Oct 00 Nuala Finnegan


[Centre for Mexican Studies, UCC]

"Light Women/Light Literature: Women & Popular Fiction in Mexico since 1980"

The proliferation of fictional work published by women in recent years in Mexico has been well documented.  Writing predominantly (though by no means exclusively) what is often pejoratively termed “popular” literature, Ángeles Mastretta, Sara Sefchovich, Silvia Molina, Laura Esquivel, to name just a few, have successfully reawakened literary interest in Mexico.  Many of the fictional works published by these writers have been commercially and critically acclaimed both in Mexico and abroad.  This in turn has prompted a perhaps inevitable backlash by the Mexican literary establishment, best exemplified by the literary magazine Vuelta’s vitriolic issue of July 1992, entitled ‘En defensa de una literatura difícil’.  This paper will explore some of the ramifications of the debate provoked by this emergence of feminised popular fiction with its emphasis on womens’ experience within the context of feminist literary praxis.  To what extent have these works succeeded, as some critics maintain, in destabilising ‘la institución literaria’, a point eloquently illustrated by the intensity of the attack in Vuelta?  Has there indeed been a breakdown in literary hierarchies as a result of the new visibility of genres such as popular romantic fiction (but also testimonial writing, erotic literature and other so-called alternative forms of literature)?  Do the parameters of the feminist literary debate, often articulated in terms of the conflict between cultural production at the centre and periphery, contribute to an understanding of the contemporary literary situation in Mexico?  This paper will address these issues with particular reference to some of the work of Ángeles Mastretta, María Luisa Puga and Sara Sefchovich.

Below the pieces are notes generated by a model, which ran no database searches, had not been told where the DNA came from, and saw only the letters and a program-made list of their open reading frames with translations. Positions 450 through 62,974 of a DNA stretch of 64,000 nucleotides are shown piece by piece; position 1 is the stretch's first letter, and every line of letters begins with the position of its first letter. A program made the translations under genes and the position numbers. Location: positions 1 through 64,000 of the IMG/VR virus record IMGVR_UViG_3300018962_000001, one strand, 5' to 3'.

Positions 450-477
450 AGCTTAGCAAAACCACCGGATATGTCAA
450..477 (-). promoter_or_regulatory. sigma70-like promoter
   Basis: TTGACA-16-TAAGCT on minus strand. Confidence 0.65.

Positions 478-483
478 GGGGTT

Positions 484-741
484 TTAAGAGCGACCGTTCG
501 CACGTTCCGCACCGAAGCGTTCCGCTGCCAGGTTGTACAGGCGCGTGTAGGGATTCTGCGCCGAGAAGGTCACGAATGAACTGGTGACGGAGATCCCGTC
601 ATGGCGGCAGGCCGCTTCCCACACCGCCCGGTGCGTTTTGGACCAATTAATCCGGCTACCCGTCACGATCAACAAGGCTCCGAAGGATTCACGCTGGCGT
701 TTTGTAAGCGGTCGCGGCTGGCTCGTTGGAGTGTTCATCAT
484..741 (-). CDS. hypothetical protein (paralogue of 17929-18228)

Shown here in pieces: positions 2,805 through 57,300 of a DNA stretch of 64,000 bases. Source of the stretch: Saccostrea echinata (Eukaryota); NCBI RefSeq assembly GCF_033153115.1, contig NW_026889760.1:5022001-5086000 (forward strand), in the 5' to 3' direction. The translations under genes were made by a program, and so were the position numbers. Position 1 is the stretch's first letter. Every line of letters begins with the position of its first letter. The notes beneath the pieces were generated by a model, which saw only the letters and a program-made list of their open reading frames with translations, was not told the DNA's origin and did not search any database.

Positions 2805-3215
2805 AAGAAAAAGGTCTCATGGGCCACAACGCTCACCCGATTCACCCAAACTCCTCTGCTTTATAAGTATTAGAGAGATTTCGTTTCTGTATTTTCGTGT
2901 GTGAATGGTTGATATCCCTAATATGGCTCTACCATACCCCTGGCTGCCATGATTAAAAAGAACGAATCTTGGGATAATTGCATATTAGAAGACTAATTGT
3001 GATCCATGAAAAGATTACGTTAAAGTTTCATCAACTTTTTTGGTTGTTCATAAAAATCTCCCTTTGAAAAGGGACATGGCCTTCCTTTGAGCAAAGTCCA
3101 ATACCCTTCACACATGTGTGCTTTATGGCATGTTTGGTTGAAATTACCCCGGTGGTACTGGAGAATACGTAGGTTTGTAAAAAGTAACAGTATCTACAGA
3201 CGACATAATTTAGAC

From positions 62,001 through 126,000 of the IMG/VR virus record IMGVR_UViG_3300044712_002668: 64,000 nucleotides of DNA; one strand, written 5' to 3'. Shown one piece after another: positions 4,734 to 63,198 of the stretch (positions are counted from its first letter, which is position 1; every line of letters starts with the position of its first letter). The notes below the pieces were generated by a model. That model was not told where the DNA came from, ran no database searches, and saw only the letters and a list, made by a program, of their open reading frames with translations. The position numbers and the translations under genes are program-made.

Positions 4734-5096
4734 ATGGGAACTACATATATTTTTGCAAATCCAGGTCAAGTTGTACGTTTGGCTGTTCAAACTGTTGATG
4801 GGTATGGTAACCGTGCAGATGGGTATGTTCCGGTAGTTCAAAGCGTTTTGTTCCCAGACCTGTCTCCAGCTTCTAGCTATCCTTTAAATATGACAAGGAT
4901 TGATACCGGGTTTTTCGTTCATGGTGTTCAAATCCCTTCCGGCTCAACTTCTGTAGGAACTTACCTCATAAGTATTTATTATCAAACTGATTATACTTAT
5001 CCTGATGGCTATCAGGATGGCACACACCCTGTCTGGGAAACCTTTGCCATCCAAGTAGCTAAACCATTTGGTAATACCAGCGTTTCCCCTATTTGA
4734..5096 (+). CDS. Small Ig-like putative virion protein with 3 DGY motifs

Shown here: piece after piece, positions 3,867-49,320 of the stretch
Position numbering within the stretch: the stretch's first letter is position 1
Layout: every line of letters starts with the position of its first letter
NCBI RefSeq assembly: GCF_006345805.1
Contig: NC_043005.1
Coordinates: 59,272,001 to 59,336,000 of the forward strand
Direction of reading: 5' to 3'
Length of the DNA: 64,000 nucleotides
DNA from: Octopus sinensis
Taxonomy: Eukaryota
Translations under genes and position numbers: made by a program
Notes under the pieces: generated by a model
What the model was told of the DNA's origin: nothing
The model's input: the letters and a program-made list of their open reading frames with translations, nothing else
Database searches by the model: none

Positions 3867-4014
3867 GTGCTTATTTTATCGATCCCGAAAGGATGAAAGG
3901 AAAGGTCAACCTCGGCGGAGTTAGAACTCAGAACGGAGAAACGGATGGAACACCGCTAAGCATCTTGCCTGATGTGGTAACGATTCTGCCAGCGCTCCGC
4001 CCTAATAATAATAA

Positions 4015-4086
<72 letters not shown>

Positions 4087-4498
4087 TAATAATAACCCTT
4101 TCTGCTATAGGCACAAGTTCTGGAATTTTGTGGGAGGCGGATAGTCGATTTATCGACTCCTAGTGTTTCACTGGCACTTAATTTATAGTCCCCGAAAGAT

Friday, 20th October, 2000

4 p.m.

O'Rahilly Building, ORB 1.24

Followed by reception in ORB 1.51

Centre for Mexican Studies

Room 1.51, First Floor - Block B East, O'Rahilly Building, University College Cork Ireland